Chickens are probably the most common livestock slaughtered by humans in the world: an estimated 45 billion chickens are killed for chicken meat each year. Every German eats an average of around 12 kilograms of chicken per year.
The ancestor of our domestic chicken is a wild chicken called the Red junglefowl, which originated in Southeast Asia. It was domesticated around 8,000 years ago. The wild form of our domestic chicken can live around ten years on average.
It is assumed that a domestic chicken can live up to 15 years if it is well kept. The oldest chicken in the world was 22 years old according to some news reports. Although there are always rumours about chickens that are said to have reached the amazing age of 20 and more years - how much of it corresponds to the truth and what belongs in the realm of fairy tales is difficult to verify.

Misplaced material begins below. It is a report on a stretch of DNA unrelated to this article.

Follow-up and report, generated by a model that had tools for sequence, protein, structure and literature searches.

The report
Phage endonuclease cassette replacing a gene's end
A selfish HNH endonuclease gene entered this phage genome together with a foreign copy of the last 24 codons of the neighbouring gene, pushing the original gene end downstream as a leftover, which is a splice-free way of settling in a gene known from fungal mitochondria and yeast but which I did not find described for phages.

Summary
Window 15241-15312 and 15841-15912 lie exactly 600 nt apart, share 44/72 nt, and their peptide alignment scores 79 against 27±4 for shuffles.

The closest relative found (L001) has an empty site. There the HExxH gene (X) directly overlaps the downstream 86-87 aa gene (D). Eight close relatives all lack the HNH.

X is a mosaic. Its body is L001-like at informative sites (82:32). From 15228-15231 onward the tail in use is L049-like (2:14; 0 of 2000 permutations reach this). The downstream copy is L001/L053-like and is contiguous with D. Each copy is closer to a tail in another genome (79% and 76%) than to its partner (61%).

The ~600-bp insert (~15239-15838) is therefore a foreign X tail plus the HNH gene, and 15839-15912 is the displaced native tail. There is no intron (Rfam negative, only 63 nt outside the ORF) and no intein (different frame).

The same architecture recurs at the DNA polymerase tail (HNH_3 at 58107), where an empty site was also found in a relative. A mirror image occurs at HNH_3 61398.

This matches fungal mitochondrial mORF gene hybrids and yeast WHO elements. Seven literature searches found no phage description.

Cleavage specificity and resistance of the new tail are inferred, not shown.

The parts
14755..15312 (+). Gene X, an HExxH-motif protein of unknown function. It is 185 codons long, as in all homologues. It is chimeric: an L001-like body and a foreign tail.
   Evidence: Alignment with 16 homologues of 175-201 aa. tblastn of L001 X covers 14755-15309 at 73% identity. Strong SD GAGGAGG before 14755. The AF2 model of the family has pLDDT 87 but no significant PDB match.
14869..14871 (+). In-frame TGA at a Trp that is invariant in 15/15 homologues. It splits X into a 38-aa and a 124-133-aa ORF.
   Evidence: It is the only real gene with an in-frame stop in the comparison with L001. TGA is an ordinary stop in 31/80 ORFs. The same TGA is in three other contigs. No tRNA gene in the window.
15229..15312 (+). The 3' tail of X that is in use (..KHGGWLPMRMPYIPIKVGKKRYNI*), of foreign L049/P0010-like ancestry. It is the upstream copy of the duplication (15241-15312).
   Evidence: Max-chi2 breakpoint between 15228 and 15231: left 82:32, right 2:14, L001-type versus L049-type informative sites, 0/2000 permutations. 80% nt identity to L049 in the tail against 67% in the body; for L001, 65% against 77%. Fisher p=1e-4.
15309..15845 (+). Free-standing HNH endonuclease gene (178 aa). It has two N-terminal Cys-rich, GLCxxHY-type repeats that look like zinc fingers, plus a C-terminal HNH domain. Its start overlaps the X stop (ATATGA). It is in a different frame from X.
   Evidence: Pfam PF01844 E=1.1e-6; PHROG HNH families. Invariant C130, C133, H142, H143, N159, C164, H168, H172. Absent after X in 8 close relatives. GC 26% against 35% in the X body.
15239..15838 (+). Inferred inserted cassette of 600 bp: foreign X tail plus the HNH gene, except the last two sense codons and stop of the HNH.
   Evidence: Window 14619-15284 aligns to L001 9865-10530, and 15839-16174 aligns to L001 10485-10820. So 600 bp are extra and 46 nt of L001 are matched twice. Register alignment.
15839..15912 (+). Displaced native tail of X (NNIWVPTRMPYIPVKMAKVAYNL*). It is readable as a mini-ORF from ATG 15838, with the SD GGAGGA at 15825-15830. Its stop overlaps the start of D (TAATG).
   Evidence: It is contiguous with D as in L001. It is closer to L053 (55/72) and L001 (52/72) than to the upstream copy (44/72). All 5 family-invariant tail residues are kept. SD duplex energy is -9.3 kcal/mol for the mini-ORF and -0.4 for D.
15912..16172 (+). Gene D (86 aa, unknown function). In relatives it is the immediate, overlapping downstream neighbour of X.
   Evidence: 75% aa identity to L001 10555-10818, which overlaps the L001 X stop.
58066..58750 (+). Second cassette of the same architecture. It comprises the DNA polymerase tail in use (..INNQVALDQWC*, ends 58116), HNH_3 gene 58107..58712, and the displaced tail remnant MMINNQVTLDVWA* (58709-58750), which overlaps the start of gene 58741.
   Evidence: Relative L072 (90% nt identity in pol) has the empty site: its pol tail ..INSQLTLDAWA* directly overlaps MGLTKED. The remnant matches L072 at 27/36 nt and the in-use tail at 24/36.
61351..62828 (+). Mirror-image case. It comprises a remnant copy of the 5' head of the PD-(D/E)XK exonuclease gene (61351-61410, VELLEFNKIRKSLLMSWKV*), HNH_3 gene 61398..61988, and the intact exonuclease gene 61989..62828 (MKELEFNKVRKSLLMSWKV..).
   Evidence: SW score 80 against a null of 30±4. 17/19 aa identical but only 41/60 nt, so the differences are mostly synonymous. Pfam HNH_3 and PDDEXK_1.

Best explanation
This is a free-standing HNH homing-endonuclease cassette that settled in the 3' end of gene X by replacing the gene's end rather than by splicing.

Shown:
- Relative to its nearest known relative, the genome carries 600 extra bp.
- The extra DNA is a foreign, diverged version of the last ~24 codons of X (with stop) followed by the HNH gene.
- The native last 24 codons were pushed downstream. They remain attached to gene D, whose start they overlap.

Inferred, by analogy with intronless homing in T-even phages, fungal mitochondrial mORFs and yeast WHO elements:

In contrast, the fact is that in intensive animal husbandry, chickens are among the farm animals with the shortest lifespan of all. A laying hen is allowed to live the longest – it lives around 20 months, i.e., around 1.5 years. A broiler chicken, on the other hand, reaches its slaughter weight after 40 days. Broiler chickens are therefore not even 1.5 months old when they're slaughtered for meat.
The fate of male chicks is particularly sad: they are killed at the age of one day because the industry has no use for them. They do not lay eggs and produce much less meat than a broiler, so raising them is uneconomical. The fate of day-old chicks is one of the greatest problems in poultry farming from an animal welfare point of view.